TOPEKA (AP) — After seven years on methamphetamine, and beset by paranoia and schizophrenia, David Parnell in 2003 decided it was time to end his nightmare of a life.
“I put an assault rifle under my chin and pulled the trigger,” the 43-year-old Parnell said in a phone interview from his home in Martin, Tenn. “Thank God, I survived.”
Ironically, he said, the meth in his system may have contributed to his living to tell about a wound that paramedics thought likely would be fatal, as it acted as a stimulant.
Parnell blew his nose off his face and lost all his teeth in his suicide attempt.
When he got out of the Nashville, Tenn., trauma center where he was taken by ambulance, Parnell said he was a changed person.
“I knew I’d been given a second chance,” Parnell said. “I asked God to come into my life. I just knew my days of drugging were over.”
For the past few years, Parnell has spoken more than 200 times a year in churches, schools and prisons in 31 states, discussing what he calls his “downward spiral” of drugs that started when he began smoking marijuana with his father — whom he would visit on weekends and in the summer — when he was just 12 years old.
Parnell was recently scheduled to make at least two Kansas stops.
As he got older, Parnell said, he moved from marijuana to harder drugs. He found meth while he was in Texas in the 1990s and quickly became addicted.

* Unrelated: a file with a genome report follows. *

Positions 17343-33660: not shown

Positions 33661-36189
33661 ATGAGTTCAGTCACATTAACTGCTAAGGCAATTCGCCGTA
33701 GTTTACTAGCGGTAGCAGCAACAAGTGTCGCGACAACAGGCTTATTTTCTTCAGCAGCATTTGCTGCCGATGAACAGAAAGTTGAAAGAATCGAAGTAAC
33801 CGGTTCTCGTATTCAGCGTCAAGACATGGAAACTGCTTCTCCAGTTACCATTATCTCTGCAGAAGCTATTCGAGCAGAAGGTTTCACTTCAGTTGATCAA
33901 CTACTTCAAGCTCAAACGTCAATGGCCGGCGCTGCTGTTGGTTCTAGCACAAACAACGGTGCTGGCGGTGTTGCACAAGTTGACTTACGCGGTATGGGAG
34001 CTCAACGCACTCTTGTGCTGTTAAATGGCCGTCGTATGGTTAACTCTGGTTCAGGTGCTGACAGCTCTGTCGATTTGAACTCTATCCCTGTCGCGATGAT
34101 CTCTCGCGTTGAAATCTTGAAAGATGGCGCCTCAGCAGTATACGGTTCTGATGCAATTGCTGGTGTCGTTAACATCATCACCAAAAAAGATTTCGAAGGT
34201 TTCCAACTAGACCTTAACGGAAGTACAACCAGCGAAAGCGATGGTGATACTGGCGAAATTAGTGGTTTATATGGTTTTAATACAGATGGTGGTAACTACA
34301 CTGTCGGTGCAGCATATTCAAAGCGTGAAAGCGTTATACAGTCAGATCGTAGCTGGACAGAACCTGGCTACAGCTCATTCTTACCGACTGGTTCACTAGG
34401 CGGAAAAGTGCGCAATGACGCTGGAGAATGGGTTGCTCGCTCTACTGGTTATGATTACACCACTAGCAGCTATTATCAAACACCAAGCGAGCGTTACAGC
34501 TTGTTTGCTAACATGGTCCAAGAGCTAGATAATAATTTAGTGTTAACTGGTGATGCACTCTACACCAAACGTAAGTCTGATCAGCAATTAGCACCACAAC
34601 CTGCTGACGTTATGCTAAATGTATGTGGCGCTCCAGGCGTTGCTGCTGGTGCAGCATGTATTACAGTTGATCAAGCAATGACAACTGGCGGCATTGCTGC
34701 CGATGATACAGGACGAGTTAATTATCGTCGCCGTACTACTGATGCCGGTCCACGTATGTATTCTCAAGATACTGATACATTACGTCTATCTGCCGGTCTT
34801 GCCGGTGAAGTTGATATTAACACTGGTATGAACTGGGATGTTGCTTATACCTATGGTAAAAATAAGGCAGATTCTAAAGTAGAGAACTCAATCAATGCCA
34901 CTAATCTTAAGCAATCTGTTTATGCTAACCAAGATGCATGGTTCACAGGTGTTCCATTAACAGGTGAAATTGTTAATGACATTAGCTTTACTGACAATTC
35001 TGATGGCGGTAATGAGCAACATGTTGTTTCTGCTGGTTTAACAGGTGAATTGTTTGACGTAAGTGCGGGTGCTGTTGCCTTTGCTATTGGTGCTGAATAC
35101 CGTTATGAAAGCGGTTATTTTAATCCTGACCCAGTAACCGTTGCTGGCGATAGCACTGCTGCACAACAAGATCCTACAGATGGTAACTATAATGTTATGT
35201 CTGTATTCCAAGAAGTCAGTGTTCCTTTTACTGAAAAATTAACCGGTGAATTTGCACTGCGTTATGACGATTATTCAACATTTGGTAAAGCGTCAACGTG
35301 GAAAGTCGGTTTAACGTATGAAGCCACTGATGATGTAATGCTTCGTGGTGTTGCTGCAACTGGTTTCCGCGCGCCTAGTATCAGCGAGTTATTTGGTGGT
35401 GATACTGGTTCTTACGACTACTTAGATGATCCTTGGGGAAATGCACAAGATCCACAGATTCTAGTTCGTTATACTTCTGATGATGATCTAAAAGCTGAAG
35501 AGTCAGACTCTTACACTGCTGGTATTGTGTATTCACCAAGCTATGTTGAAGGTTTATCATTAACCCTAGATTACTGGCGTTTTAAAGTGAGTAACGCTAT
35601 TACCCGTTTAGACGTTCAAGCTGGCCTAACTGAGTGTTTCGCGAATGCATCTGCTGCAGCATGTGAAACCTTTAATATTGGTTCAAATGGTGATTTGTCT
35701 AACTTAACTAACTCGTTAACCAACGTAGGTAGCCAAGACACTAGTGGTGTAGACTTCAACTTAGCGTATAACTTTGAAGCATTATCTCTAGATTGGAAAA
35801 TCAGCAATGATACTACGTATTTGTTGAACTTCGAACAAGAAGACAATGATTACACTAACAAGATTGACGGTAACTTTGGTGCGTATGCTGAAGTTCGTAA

He was sentenced in 1993 to an Oklahoma prison for selling marijuana, but when he was released, he went right back to using meth.
Parnell said he even smoked pot while he was at the Oklahoma State Penitentiary in the McAlester, Okla.
He later moved back to Tennessee, which by then had become a meth hotbed.
Some of the drug houses he would visit had people from ages 13 to 65, he said.
Parnell said one of his goals in sharing his story is to draw attention to children who are caught up in homes where methamphetamine and other illegal drugs are used.
“They are the true victims,” he said.
Parnell said his own father, David Parnell Sr., died a couple of years ago at age 63 from the effects of drug use, particularly meth. He said his father contracted Hepatitis C after sharing a dirty drug needle.
As for his speaking, Parnell said, he hopes to make a difference in the younger generation, so young people will steer clear of illegal drugs, such as meth.
“Selling drugs for 20 years, I knew the damage I’d done to families and things I could never make amends for,” he said. “I wanted to try to be a positive influence to the next generation coming up. I wanted to do something positive with my life, what I had left of it.”
Though he admits to taking many kinds of illegal drugs, Parnell said meth was in a class by its own, as far as its far-reaching effects.